Categories
BLOG

descent skunk

Skunk: Species Profile

Characteristics, Housing, Diet, and Other Information

  • Pin
  • Share
  • Email

When born and raised in captivity, skunks can make for friendly, intelligent, and unique pets. They can learn to be comfortable when handled by people, and they can be quite playful and cuddly. Native to North America, skunks are known for their scent glands that can spray foul-smelling chemicals at predators. But captive-bred skunks typically have those glands surgically removed. This is a controversial procedure, as some people believe it strips away a necessary defense mechanism that a pet skunk would need should it ever get loose outside or otherwise be attacked. This is why it’s critical to keep a pet skunk indoors or highly supervised during any outdoor time.

Housing a pet skunk can be somewhat difficult, as skunks tend to be curious animals that like to get into mischief. Plus, it can be complicated to feed a pet skunk a balanced diet, as there are few formulated skunk foods available. Overall, these animals require a lot of time and expertise on your part to care for them properly.

Species Overview

Common Name: Skunk

Scientific Name: Mephitis mephitis

Adult Size: 15 to 35 inches long, weighing up to 18 pounds

Life Expectancy: 6 to 10 years in captivity

Skunk Behavior and Temperament

Skunks are not low-maintenance pets. In addition to feeding and cleaning up after your skunk, expect to spend several hours per day keeping it entertained. Some of a skunk’s personality traits, such as being stubborn and headstrong, can make it a challenge to live with. Fortunately, pet skunks also tend to be sociable and playful when they grow up interacting with people. They are active and curious, which means they will get into everything in your home. They can learn to open cabinets, drawers, and even the refrigerator. And if certain items, such as towels, blankets, and clothing, go missing, your skunk might have stolen them to make its bed softer.

In the wild, skunks are most active at dawn and dusk. But a pet skunk can learn to be on its human’s schedule. These animals need lots of stimulation, and many enjoy playing with dog or cat toys. They’re also natural diggers and might dig into a carpet or scratch furniture if they don’t have enough toys of their own. As social animals, they generally enjoy being handled by and playing with their human family members. And they can even learn to get along with other friendly pets in the house, such as a ferret or even a gentle cat or dog.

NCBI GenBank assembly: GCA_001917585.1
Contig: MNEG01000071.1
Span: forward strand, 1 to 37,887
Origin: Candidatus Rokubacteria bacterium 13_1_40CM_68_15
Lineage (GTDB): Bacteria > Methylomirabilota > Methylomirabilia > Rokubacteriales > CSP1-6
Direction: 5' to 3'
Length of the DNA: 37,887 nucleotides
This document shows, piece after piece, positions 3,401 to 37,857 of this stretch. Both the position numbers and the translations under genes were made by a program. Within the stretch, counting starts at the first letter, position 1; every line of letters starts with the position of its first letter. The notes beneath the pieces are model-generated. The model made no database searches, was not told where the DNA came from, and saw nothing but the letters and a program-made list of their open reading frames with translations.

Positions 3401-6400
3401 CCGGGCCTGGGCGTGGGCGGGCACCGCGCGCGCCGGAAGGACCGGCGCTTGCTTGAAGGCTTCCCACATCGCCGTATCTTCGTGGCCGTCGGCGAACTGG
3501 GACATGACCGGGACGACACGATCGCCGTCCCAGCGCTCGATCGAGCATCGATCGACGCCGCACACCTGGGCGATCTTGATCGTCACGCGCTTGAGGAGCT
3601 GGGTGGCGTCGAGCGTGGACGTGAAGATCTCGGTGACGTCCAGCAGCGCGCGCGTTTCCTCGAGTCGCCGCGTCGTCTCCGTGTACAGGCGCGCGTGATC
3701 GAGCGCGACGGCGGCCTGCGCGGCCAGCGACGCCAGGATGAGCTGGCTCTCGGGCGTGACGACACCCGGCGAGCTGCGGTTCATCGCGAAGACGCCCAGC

Skunks do make a variety of vocalizations to express their emotions, including hisses, chirps, and whines. But in general they’re quiet animals. They’re also not prone to aggression when properly socialized, but they will bite if they feel threatened. This can have serious consequences, as no rabies vaccine is approved for skunks. So if your pet skunk bites a person or another animal, authorities might seize it to monitor for rabies symptoms. Some pet skunks have even been euthanized after biting.

Pet skunks are active, intelligent, and affectionate but can be a handful. Learn how to care for these animals, including housing, feeding, and more.

An alternate method of descenting skunks

Affiliation

  • 1 Department of Wildlife and Fisheries Sciences, Texas A&M University, College Station 77843.
  • PMID: 3682105
  • DOI: 10.7589/0090-3558-23.4.713

An alternate method of descenting skunks

  • Search in PubMed
  • Search in NLM Catalog
  • Add to Search

Author

Affiliation

  • 1 Department of Wildlife and Fisheries Sciences, Texas A&M University, College Station 77843.
  • PMID: 3682105
  • DOI: 10.7589/0090-3558-23.4.713

Abstract

Striped skunk (Mephitis mephitis) scent glands were ligated closed with waxed dental floss to allow them to be handled during toxicological studies without fear of scenting. This descenting technique was more rapid and less traumatic than scent gland removal. Thirty-four skunks were kept for less than or equal to 127 days and did not display behavioral or physical abnormalities due to this procedure.

Striped skunk (Mephitis mephitis) scent glands were ligated closed with waxed dental floss to allow them to be handled during toxicological studies without fear of scenting. This descenting technique was more rapid and less traumatic than scent gland removal. Thirty-four skunks were kept for less th … ]]>